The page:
Improving Ghana's mental healthcare through task-shifting- psychiatrists and health policy directors perceptions about government's commitment and the role of community mental health workers

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Background: The scarcity of mental health professionals places specialist psychiatric care out of the reach of most people in low and middle income countries. There is growing interest in the effectiveness of task shifting as a strategy for targeting expanding health care demands in settings with shortages of qualified health personnel. Given this background, the aim of our study was to examine the perceptions of psychiatrists and health policy directors about the policy to expand mental health care delivery in Ghana through a system of task-shifting from psychiatrists to community mental health workers (CMHWs). Methods: A self-administered semi-structured questionnaire was developed and administered to 11 psychiatrists and 29 health policy directors. Key informant interviews were also held with five psychiatrists and four health policy directors. Quantitative data were analysed using descriptive statistics. Qualitative data were analysed thematically. Results: Almost all the psychiatrists and 23 (79.3 %) health policy directors were aware of the policy of the Government of Ghana to improve on the human resource base within mental health through a system of task-shifting. Overall, about half of the psychiatrists and 9 (31 %) health policy directors perceived there is some professional resistance to the implementation of the policy of task shifting. The majority of respondents were of the view that CMHWs should be allowed to assess, diagnose and treat most of the common mental disorders. The respondents identified that CMHWs usually perform two sets of roles, namely; officially assigned roles for which they have the requisite training and assumed roles for which they usually do not have the requisite training. The stakeholders identified multiple challenges associated with current task shifting arrangements within Ghana's mental health delivery system, including inadequate training and supervision, poor awareness of the scope of their expertise on the part of the CMHWs. Conclusion: Psychiatrists and health policy directors support the policy to expand mental health service coverage in Ghana through a system of task-shifting, despite their awareness of resistance from some professionals. It is important that the Government of Ghana upholds its commitment of expanding mental healthcare by maintaining and prioritizing its policy on task shifting and also providing the necessary resources to ensure its success.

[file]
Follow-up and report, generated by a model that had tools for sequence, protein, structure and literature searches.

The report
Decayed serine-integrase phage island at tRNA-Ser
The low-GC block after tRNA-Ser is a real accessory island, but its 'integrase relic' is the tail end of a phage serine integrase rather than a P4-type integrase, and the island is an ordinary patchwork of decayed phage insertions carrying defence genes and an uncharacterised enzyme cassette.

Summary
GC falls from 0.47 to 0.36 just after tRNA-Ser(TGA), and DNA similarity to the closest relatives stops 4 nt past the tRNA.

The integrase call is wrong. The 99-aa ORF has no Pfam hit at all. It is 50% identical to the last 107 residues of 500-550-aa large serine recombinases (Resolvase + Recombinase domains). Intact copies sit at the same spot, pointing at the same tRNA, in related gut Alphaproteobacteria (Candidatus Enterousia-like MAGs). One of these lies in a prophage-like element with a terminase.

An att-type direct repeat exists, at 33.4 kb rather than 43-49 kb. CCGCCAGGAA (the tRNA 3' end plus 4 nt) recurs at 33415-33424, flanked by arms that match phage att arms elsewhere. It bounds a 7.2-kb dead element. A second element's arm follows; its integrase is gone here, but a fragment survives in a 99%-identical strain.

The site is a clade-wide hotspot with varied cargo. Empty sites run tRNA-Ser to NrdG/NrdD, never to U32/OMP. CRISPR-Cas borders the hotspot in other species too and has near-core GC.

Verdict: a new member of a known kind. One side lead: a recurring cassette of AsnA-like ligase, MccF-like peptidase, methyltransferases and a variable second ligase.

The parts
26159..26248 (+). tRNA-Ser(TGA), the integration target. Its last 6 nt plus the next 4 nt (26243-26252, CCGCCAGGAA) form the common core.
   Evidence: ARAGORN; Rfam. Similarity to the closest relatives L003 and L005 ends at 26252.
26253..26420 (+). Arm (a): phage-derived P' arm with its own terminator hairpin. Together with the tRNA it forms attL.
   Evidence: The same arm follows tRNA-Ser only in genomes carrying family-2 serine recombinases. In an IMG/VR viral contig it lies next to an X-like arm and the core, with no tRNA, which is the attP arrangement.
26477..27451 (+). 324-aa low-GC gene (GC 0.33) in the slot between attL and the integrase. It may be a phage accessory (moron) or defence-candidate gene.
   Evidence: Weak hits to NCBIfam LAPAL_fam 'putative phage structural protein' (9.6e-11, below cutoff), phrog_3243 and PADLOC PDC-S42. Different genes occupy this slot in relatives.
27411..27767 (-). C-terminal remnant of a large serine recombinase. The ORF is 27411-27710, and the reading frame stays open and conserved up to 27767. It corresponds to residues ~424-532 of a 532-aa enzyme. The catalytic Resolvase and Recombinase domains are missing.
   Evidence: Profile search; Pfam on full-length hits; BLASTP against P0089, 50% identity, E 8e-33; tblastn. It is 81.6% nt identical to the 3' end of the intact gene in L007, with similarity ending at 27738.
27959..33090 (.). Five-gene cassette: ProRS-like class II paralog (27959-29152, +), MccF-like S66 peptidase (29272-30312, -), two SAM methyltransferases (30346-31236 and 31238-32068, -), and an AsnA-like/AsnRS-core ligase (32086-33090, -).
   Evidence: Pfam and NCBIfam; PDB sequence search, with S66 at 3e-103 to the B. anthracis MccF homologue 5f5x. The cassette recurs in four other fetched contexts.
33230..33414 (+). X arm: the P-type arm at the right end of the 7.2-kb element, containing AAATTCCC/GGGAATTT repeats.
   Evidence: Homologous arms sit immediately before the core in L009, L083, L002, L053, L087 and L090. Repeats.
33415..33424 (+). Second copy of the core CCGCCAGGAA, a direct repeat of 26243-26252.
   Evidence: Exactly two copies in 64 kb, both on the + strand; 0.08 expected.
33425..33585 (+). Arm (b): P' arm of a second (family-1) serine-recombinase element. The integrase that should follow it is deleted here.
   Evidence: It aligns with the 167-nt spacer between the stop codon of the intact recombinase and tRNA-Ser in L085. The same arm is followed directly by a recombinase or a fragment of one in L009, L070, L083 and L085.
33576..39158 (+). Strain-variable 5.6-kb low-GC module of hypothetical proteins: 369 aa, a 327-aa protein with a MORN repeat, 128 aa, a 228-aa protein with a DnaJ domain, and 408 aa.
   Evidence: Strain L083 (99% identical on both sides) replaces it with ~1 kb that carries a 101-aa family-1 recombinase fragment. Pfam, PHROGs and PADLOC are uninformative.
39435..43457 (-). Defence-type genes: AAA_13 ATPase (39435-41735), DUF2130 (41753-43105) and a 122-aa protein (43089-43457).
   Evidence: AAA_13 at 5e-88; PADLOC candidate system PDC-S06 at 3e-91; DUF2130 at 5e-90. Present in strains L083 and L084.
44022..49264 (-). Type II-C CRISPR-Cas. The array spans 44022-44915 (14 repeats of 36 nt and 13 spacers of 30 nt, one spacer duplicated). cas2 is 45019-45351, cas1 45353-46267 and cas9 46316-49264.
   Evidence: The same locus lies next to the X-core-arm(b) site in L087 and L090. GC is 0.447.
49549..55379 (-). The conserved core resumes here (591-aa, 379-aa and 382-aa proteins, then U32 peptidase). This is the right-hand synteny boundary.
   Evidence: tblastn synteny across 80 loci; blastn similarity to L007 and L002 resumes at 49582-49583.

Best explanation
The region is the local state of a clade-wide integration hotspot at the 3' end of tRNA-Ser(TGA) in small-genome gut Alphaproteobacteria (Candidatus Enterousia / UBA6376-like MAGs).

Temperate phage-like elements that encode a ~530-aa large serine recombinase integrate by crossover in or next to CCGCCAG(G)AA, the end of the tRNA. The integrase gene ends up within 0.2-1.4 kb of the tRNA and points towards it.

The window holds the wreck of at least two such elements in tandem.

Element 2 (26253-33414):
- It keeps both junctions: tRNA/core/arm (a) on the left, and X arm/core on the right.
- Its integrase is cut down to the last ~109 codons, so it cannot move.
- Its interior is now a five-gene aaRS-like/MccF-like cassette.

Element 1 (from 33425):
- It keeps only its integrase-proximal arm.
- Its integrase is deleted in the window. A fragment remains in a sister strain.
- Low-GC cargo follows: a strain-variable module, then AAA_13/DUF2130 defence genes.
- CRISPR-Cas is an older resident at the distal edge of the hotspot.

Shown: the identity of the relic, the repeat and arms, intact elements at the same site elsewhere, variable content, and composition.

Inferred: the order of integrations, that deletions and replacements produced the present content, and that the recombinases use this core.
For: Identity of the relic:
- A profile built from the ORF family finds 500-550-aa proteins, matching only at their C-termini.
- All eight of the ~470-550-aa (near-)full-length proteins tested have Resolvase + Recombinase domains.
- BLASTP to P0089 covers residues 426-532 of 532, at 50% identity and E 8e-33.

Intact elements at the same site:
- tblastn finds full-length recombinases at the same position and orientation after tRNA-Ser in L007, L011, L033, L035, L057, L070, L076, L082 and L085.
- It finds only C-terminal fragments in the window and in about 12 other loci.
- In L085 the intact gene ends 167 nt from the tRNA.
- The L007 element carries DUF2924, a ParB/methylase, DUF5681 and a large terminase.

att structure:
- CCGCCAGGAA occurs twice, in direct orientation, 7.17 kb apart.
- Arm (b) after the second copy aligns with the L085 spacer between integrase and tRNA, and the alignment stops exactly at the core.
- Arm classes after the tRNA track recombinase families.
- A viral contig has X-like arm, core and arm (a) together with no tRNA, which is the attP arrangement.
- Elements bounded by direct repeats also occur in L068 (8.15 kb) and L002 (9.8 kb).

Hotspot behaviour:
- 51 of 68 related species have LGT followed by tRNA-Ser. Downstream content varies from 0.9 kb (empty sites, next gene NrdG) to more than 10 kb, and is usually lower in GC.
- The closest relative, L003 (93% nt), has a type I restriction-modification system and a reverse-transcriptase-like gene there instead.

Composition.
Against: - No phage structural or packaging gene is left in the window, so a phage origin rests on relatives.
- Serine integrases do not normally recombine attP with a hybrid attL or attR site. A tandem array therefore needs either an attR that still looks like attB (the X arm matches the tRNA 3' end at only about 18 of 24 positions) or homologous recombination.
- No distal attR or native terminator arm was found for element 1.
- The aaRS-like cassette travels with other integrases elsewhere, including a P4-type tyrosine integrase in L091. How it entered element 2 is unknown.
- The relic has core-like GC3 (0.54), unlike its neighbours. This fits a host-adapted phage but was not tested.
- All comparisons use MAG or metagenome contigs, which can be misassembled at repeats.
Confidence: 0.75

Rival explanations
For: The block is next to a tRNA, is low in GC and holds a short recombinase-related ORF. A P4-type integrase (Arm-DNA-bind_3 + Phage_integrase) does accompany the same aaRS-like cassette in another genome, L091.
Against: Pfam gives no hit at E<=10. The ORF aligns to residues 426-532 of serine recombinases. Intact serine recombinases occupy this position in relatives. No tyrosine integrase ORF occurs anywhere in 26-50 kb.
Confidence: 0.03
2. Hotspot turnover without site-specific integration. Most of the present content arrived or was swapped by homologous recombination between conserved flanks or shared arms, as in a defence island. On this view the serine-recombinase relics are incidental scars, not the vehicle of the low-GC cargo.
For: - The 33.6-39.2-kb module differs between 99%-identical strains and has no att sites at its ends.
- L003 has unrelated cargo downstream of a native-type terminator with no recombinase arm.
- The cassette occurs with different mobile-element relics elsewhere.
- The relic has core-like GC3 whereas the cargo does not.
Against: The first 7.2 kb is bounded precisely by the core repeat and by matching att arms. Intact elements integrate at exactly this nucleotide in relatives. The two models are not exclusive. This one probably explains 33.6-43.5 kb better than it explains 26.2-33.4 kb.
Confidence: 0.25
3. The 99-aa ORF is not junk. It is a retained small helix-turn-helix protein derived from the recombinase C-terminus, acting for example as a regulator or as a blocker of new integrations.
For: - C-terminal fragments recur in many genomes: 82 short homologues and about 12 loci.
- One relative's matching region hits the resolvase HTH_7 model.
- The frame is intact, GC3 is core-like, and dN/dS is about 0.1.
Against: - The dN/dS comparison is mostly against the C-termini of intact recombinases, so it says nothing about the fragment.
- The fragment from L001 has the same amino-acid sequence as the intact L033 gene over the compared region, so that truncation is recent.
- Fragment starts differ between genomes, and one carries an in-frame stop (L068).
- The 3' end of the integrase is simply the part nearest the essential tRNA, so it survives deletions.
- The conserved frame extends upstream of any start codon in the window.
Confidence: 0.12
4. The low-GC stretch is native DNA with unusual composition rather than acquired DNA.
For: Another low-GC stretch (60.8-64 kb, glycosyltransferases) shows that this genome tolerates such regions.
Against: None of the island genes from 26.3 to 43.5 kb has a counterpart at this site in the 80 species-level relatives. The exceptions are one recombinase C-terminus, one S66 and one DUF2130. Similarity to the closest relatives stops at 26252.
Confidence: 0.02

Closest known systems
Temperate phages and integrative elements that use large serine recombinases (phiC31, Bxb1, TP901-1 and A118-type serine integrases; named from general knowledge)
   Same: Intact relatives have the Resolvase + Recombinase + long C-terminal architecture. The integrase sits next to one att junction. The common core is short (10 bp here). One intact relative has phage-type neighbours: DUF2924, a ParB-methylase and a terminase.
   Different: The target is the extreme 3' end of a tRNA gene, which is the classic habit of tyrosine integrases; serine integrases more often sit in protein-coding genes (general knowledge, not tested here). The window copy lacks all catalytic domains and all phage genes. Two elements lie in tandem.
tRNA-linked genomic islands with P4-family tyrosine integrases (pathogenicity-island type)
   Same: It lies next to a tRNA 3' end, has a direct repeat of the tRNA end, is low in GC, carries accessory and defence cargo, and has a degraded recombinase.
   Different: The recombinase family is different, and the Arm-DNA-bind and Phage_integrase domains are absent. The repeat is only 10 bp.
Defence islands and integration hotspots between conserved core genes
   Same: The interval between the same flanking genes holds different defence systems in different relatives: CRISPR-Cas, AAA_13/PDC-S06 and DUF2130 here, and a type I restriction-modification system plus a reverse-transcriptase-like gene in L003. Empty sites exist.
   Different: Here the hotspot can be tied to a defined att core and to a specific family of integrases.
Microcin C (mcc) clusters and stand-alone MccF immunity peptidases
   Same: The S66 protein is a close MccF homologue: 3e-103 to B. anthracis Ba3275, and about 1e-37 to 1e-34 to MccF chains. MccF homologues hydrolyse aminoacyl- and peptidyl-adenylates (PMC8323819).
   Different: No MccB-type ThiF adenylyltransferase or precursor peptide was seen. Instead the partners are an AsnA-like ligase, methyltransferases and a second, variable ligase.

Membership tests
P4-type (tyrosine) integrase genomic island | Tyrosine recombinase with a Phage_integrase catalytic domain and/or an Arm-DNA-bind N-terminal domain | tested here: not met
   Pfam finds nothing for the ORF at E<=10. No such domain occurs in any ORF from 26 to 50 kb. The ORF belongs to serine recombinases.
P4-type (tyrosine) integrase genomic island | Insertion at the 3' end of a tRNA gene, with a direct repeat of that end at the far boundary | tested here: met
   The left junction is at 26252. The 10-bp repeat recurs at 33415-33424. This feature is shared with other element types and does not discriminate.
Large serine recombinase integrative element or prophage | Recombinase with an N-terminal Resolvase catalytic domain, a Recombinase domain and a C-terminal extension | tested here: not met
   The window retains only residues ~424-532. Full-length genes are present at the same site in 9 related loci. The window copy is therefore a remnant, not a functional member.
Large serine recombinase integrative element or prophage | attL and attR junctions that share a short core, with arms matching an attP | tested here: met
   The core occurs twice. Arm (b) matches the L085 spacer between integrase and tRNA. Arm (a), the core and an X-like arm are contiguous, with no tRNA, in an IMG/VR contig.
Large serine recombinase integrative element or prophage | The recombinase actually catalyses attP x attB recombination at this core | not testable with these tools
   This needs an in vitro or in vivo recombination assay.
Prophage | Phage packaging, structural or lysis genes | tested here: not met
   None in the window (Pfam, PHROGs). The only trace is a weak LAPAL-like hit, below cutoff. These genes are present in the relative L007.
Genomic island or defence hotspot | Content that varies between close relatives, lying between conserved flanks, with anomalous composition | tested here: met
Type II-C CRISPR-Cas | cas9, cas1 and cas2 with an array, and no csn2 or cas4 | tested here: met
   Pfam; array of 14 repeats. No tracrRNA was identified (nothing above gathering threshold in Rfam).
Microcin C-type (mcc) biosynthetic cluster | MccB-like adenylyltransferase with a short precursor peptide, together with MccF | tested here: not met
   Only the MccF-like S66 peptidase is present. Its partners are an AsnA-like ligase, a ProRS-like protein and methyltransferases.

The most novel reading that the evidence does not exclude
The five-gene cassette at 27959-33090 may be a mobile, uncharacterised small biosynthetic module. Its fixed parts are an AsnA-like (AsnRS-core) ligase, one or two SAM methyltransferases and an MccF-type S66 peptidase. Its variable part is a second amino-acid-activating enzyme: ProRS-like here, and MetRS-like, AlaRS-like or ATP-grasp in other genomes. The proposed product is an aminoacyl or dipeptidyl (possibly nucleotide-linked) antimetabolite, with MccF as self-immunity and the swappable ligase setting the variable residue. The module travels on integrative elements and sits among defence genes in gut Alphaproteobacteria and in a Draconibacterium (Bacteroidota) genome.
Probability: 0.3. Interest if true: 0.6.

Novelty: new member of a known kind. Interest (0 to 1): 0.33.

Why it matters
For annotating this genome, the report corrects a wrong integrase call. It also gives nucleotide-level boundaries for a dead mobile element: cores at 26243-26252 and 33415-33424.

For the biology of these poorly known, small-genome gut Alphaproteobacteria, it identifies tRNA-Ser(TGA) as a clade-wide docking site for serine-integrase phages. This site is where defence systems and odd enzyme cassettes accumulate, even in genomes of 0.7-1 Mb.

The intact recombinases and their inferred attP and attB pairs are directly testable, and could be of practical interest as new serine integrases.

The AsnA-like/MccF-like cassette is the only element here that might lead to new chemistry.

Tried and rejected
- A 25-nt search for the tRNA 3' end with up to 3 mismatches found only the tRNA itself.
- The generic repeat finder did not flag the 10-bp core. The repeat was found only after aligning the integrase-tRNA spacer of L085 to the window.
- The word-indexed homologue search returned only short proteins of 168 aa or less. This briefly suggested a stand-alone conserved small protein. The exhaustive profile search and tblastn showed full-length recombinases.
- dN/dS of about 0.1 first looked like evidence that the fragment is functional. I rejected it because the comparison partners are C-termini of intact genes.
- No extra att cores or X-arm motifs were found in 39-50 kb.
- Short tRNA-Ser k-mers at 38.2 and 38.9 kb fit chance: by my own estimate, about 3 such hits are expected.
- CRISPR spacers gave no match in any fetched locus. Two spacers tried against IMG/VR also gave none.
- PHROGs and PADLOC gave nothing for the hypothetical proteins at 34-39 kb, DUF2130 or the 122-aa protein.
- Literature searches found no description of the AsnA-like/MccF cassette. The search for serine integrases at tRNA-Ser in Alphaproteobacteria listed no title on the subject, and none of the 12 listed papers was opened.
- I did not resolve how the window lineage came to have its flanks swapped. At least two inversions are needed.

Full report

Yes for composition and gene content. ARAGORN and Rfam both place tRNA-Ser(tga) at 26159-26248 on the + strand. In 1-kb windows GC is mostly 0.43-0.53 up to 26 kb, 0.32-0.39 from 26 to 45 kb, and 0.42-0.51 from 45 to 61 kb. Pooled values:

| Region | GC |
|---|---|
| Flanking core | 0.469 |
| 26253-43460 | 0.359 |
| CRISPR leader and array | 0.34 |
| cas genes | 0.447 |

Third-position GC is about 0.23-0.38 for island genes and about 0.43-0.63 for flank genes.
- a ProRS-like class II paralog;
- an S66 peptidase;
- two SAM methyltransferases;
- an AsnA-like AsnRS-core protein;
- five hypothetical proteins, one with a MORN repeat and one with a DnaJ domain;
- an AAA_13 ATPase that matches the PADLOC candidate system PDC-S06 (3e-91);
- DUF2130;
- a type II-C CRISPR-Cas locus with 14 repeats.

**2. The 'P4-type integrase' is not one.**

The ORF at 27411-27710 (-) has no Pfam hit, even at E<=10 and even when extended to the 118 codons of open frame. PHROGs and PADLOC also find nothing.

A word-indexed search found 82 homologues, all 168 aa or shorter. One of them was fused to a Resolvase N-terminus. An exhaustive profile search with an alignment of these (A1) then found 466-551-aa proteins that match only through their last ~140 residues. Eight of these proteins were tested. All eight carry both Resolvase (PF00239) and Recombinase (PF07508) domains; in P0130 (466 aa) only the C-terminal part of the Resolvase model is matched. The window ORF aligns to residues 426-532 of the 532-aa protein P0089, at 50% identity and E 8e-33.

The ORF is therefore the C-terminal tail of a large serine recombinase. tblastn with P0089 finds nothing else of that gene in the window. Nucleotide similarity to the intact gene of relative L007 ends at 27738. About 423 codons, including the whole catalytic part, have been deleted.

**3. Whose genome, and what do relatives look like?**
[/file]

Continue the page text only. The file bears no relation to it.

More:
Agyapong, V. I. O., Farren, C., & McAuliffe, E. (2016). Improving Ghana’s mental healthcare through task-shifting- psychiatrists and health policy directors perceptions about government’s commitment and the role of community mental health workers. Globalization and Health, 12(1).

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